Art and science patron wins top Māori business award

01 May 2012

Art and science patron Chris Mace (Ngāti Porou, Te-Whānau-ā-Apānui) has been named winner of the Aotearoa New Zealand Māori Business Leaders premier award for 2011 – the first in the event’s history to specifically honour artistic and scientific endeavour.

The Auckland-based businessman, who started his career with his family construction firm, is – with his wife Dayle – a well-known art patron who has been a longstanding supporter of both the visual arts and theatre communities for many decades.

He is also deeply involved in fisheries and marine science, having played a major part in establishing The University of Auckland’s Leigh Marine Centre and chairing the Crown Research Institute (ESR), the New Zealand Antarctic Institute and the Antarctic Heritage Trust.

The University of Auckland Business School’s Associate Dean of Māori and Pacific Development, Associate Professor Manuka Henare, says art appreciation and scientific support are two of the attributes of Māori leadership that the Business School looks for when selecting winners of the annual awards, which welcomes the BNZ as major sponsor for the first time.

“I am particularly pleased this year to honour Chris, who has combined business success with art appreciation and scientific support to make a distinctive mark on both the history and future of New Zealand,” Dr Henare says.

“It is particularly poignant to announce Chris as the winner this year, with the tandem announcement that the BNZ will become a major sponsor of the awards from this year onwards. The bank is very well-known for its philanthropic support of causes such as literature and saving New Zealand’s endangered wildlife, which fits well with some of Chris’ special achievements.”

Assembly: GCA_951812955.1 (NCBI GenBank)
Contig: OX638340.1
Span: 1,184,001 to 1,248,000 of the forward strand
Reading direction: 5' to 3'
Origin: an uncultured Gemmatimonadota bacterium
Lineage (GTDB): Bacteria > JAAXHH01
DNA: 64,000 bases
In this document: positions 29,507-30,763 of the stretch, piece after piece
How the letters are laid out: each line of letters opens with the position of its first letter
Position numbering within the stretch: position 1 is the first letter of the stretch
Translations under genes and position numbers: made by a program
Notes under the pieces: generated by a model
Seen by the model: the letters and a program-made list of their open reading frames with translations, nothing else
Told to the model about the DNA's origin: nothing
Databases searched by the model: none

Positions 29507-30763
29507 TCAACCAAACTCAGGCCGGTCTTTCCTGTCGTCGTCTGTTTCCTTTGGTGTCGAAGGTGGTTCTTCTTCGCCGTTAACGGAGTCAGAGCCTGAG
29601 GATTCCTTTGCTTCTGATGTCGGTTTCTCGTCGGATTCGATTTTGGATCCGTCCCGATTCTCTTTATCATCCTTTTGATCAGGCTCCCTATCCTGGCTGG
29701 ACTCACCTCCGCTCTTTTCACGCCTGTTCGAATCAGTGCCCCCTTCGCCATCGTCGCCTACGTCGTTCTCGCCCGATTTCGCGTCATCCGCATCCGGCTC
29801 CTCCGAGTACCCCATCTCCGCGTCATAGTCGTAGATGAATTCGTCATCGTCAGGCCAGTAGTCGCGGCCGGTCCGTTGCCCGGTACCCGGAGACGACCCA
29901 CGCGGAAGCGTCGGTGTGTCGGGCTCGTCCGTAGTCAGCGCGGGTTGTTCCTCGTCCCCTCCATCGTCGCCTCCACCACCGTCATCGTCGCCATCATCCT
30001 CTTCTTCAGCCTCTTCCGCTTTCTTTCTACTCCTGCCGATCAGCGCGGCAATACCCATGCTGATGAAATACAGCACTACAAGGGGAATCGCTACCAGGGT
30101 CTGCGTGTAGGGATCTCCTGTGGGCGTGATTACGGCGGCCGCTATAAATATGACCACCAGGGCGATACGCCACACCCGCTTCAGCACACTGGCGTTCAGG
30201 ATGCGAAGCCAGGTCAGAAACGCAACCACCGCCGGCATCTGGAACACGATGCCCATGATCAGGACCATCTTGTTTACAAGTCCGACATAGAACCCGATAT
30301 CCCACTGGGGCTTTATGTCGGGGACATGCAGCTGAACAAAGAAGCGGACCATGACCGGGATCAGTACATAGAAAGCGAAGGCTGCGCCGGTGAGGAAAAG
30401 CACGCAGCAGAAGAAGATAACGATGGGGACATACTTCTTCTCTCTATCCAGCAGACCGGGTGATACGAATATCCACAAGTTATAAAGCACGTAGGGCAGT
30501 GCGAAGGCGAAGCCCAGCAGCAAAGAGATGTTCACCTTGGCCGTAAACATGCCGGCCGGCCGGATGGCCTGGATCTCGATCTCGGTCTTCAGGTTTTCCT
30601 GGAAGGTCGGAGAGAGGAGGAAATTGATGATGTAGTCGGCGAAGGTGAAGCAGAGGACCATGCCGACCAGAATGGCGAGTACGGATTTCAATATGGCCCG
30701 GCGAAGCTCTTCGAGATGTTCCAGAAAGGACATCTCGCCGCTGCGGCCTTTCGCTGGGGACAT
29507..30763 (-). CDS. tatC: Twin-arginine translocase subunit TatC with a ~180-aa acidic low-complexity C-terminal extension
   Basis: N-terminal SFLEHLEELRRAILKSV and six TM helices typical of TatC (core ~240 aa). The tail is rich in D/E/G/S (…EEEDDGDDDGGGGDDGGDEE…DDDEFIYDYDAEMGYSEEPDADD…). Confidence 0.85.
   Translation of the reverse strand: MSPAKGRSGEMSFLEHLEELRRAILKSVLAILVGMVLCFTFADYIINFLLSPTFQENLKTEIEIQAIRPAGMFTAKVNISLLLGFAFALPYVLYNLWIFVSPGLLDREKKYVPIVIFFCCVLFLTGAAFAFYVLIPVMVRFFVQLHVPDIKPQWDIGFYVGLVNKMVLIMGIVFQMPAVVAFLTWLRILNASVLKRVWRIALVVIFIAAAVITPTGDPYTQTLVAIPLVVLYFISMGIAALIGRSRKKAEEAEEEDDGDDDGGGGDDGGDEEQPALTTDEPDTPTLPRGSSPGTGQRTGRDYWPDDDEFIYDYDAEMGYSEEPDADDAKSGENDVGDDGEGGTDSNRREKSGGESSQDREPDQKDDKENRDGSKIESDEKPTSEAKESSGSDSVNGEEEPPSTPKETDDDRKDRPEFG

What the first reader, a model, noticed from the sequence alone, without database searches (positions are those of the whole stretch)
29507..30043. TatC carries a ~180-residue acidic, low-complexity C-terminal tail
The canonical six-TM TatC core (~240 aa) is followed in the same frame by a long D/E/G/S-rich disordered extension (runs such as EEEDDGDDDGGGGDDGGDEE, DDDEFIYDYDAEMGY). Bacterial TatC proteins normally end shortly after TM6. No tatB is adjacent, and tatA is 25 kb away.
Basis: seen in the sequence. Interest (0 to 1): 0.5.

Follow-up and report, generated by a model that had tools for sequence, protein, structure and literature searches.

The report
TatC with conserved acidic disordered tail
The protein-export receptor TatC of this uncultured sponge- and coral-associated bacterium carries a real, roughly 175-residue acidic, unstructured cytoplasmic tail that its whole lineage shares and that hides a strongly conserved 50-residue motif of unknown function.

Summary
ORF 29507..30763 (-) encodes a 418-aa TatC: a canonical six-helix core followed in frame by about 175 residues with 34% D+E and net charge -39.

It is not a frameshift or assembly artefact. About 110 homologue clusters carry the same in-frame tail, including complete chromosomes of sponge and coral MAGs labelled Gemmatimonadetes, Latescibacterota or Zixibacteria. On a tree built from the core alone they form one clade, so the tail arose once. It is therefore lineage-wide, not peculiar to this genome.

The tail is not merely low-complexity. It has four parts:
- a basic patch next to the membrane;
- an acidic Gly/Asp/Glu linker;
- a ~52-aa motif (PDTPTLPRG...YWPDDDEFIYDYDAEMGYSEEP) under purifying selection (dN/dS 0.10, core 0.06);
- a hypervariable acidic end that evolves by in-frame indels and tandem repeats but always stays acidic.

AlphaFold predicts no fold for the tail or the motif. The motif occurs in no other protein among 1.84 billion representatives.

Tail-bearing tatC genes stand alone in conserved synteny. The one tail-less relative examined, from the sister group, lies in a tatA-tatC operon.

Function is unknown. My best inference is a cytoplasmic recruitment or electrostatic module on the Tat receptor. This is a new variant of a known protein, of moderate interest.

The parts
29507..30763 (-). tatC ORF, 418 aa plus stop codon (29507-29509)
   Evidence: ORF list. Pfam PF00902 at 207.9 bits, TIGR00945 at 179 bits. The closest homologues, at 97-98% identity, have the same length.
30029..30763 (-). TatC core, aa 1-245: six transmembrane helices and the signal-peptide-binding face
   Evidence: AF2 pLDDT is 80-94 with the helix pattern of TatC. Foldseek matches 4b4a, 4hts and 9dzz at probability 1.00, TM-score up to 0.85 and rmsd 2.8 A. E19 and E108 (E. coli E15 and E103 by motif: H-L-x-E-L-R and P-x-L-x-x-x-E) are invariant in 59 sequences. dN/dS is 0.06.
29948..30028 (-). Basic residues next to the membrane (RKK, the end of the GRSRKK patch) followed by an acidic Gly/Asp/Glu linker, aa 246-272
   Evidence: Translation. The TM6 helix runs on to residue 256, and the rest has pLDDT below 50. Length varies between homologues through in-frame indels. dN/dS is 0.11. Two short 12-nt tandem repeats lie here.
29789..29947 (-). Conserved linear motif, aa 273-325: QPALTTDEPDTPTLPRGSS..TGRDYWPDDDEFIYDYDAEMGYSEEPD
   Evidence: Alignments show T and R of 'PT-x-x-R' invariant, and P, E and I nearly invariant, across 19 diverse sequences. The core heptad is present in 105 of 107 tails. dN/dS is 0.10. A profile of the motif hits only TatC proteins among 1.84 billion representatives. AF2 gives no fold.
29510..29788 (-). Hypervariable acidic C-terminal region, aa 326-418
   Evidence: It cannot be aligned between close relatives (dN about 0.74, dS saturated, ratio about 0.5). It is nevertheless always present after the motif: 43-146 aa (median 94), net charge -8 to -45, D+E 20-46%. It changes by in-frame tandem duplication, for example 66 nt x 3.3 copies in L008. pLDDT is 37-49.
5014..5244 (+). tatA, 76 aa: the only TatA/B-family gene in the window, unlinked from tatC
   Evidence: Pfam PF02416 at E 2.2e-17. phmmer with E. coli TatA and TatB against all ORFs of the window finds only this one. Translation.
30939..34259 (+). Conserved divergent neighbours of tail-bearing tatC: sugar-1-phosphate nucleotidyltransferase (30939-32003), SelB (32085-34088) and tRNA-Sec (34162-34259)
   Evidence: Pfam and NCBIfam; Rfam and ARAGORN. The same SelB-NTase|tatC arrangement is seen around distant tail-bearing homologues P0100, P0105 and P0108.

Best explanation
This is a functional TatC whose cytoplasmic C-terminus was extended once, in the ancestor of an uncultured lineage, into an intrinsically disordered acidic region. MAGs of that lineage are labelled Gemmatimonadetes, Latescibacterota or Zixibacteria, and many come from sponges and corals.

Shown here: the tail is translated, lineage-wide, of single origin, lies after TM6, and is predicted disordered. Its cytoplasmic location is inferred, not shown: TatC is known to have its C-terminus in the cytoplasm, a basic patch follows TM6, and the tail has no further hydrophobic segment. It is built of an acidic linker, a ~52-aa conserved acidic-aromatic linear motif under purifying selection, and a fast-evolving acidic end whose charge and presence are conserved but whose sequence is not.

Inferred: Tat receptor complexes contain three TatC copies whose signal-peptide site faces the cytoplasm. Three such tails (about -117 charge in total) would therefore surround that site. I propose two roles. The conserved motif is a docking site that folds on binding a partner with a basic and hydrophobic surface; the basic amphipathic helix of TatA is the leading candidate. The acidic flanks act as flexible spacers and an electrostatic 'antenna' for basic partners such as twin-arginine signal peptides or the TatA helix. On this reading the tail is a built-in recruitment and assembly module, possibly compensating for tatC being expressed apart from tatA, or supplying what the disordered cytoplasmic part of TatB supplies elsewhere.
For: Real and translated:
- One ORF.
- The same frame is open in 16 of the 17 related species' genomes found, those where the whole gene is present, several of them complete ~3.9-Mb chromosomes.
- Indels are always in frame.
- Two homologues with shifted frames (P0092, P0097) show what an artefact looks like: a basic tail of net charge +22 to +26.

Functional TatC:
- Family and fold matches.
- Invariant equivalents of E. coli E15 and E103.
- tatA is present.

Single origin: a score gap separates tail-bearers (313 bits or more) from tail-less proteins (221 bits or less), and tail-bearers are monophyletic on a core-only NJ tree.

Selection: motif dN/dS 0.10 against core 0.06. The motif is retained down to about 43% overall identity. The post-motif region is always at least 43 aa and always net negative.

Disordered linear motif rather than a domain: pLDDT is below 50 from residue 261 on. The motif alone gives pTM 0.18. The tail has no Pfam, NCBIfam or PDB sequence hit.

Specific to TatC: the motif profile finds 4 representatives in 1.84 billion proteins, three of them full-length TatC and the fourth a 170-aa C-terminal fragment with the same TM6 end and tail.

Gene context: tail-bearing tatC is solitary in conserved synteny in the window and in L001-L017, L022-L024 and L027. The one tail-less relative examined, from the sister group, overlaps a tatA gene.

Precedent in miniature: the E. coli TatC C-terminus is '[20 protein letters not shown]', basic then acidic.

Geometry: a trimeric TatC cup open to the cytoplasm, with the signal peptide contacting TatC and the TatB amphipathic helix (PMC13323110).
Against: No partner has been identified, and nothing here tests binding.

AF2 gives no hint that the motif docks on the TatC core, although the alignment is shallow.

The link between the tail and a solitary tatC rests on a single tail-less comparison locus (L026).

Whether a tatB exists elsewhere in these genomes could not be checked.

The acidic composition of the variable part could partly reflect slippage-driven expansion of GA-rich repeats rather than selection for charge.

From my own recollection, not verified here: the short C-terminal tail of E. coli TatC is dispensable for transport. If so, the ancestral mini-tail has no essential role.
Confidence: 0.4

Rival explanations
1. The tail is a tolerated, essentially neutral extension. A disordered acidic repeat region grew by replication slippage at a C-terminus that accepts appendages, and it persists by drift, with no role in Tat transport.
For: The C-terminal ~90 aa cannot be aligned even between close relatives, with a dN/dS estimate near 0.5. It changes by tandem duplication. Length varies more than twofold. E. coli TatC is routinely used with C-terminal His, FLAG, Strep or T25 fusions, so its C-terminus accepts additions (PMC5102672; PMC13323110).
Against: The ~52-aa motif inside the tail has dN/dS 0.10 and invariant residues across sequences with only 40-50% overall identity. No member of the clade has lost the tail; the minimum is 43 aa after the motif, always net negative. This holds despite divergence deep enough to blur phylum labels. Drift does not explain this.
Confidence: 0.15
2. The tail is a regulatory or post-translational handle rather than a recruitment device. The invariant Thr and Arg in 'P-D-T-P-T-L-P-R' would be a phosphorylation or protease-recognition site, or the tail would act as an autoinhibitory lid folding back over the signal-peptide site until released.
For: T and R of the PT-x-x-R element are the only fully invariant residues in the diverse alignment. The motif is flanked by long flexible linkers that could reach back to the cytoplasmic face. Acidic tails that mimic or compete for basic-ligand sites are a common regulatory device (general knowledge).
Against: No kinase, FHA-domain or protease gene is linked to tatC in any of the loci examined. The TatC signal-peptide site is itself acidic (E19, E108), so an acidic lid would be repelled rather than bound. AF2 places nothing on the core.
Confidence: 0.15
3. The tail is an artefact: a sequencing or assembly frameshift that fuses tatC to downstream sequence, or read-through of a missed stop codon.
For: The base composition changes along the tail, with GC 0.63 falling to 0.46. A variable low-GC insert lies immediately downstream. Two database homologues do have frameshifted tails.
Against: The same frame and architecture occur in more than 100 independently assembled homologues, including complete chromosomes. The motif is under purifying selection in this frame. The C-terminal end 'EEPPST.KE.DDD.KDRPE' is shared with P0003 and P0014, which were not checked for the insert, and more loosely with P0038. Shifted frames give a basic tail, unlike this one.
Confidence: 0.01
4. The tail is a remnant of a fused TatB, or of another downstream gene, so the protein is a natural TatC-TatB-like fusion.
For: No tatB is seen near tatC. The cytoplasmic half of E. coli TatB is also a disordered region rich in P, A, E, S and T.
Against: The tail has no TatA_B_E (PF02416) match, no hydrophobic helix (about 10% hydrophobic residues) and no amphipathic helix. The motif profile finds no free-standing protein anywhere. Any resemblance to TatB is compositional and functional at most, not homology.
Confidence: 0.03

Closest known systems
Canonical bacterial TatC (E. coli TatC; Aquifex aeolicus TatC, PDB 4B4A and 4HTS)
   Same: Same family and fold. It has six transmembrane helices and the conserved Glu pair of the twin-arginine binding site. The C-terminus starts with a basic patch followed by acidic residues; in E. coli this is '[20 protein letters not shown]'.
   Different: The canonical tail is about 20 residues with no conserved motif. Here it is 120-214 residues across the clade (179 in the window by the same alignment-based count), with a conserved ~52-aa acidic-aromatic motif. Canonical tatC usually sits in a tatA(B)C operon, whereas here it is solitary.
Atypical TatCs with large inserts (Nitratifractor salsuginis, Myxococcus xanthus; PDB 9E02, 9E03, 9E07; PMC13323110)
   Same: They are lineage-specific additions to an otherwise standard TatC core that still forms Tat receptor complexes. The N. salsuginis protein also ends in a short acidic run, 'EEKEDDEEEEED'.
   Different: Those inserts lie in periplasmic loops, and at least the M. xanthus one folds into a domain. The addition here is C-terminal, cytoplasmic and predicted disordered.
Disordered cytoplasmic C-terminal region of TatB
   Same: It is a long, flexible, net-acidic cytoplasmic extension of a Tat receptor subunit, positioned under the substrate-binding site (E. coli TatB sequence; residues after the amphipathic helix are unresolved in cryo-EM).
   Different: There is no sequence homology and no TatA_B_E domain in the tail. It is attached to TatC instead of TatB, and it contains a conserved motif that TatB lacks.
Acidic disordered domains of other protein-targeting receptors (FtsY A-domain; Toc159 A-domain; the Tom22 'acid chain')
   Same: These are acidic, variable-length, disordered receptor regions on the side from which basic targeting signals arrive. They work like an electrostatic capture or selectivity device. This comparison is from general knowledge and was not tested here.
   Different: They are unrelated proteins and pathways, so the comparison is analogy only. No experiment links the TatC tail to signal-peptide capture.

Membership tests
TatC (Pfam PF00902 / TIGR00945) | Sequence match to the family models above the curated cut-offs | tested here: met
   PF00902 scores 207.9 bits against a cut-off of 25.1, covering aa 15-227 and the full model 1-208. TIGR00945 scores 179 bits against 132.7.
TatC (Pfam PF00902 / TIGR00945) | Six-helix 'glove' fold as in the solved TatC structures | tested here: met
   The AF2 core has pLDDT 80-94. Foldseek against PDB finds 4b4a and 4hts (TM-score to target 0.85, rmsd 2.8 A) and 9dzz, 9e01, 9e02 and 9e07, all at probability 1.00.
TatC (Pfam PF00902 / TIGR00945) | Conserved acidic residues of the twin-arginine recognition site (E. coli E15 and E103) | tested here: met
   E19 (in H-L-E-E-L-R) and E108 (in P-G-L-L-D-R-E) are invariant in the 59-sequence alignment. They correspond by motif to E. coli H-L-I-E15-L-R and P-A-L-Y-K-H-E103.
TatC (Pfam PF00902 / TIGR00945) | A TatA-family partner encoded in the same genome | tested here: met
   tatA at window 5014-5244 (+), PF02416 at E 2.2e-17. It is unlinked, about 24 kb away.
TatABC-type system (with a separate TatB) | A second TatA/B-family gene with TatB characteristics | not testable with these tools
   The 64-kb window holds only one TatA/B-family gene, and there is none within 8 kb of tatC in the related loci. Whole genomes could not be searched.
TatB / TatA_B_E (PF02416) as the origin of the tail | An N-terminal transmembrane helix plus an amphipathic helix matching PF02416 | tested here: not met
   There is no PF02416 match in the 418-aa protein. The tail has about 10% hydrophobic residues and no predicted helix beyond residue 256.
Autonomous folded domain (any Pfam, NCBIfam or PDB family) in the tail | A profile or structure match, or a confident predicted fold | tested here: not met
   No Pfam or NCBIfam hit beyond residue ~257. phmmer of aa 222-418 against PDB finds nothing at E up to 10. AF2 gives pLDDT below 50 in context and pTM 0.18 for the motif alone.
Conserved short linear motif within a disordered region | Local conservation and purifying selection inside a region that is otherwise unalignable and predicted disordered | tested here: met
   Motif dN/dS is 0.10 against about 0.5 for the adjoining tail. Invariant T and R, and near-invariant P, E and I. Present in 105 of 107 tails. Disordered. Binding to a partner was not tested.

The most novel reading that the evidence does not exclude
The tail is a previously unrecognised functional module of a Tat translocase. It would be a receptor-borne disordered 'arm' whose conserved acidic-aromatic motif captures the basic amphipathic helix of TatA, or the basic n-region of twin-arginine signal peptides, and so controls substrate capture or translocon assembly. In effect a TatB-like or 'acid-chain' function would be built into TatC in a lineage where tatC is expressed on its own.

Made a Companion of the New Zealand Order of Merit (CNZM) in 2004 for services to Antarctica and the community, Mr Mace built up his wealth in the 1980s with property company Mace Developments, which later became part of Lion Corporation, and culminated in him becoming a director and principal of one of Australasia’s largest companies.

Appointed chairman of the National Institute of Water and Atmospheric Research (NIWA) in 2009, Mr Mace works closely with the tertiary sector with a particular focus on marine science and research.

He was the Head of Patrons for the New Zealand Venice Biennale in 2009, and together with his wife is the major donor of the Walters Prize, New Zealand’s most prestigious art award.

Mr Mace says the diverse range of sporting and community interests and government assignments have provided him with an extra dimension to his business career, as well as a valuable insight into the opportunities and challenges that lay ahead.

Held by the Business School each year, previous supreme award winners of the awards have included Dame Kiri Te Kanawa, Sir Howard Morrison, Peter Loughlin, Brent Hiirini Shepherd, Rob McLeod, Peter Cooper and Sir Ralph Norris.

Other winners for 2011 are:

  • Te Toi Ururoa Kelly Scholarships to Jesse Pene (Ngāti Whātua) and Jarrod Griffin (Te Rarawa).
  • Māori Business Recognition Award to Ngāti Whātua o Ōrakei Māori Trust Board.
  • Dame Mira Szászy Māori Alumni Award to Kiri Dell (Ngāti Porou), Ngaroimata Reid (Ngātiwai, Te Aupouri, Ngāti Kahungunu, Rangitane), Jack Kimura (Ngāti Apakura, Ngāti Maniapoto, Waikato) and Leon Wijohn (Te Rarawa, Ngāi Tuhoe, Ngāti Tahu-Ngāti Whaoa).